When health policy experts noticed that health outcomes for African Americans were consistently worse than those of their White counterparts, many in the health care community assumed that the poor outcomes could be blamed on poverty and lifestyle choices. Subsequent research told a different story. Studies repeatedly showed that neither money, nor marriage, nor educational achievement protect African American men, women, or children from poor health. Instead, the disparities were more likely explained by racism. Specifically, multiple studies have shown that experiencing racism has been linked to increased infant and maternal mortality rates, elevated stress levels, and an increased risk of numerous diseases, including cardiovascular disease, high blood pressure, and breast cancer.
Mounting evidence makes it clear that health disparities cannot be eliminated simply by changes in diet or socioeconomic status; it requires eliminating racism and building a more just society. A just society starts with a just government, but racially-biased government policies and practices have existed since the founding of our country and have had—and continue to have—a direct and devastating impact on the health of African American individuals and communities. This Article traces the racially discriminatory laws and policies enacted or tolerated by state and federal governments in America from colonial times to the present—including slavery, Black Codes, convict leasing, lynching, segregation, and discriminatory policing—and links that racism to poorer health outcomes for African Americans. It concludes by discussing the need for criminal justice and social reforms to explicitly consider their impact on the health of the African American community.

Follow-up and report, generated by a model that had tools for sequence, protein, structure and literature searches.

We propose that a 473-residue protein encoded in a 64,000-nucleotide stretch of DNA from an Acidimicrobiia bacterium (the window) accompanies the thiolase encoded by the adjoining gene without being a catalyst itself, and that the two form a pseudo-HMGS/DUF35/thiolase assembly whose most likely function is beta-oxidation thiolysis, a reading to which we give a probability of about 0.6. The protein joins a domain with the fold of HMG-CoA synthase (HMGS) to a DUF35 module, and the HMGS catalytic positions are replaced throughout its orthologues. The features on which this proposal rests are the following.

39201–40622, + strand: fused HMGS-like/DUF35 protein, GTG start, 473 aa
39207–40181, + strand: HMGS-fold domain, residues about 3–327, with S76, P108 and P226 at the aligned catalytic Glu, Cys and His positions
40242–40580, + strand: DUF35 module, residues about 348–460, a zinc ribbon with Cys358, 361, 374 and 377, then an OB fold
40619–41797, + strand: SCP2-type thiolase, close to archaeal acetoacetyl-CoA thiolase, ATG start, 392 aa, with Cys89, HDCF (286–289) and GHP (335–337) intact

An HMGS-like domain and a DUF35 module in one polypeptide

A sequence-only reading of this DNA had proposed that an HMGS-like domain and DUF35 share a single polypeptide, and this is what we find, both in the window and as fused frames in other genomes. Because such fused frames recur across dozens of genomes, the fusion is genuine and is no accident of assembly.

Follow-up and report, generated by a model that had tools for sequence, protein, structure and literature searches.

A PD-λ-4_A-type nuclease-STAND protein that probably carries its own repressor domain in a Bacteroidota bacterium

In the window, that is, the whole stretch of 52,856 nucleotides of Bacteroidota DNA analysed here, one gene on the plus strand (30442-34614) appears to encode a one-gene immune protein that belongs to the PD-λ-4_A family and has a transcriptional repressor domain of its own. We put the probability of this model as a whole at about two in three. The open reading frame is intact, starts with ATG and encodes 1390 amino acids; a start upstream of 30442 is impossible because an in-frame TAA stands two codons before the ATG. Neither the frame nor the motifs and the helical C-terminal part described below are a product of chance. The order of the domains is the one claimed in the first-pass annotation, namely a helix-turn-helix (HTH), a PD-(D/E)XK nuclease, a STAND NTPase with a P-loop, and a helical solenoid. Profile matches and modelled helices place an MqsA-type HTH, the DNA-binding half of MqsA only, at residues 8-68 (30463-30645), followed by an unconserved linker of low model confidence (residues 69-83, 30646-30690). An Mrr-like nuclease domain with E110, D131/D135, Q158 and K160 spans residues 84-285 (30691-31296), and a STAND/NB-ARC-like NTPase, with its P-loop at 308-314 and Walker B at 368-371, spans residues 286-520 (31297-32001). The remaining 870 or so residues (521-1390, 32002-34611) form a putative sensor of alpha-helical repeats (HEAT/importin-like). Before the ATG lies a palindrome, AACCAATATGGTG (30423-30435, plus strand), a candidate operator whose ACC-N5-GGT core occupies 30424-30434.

Teri Dobbins Baxter,
Dying for Equal Protection,
71 Hastings L.J. 535
Available at: https://repository.uchastings.edu/hastings_law_journal/vol71/iss3/2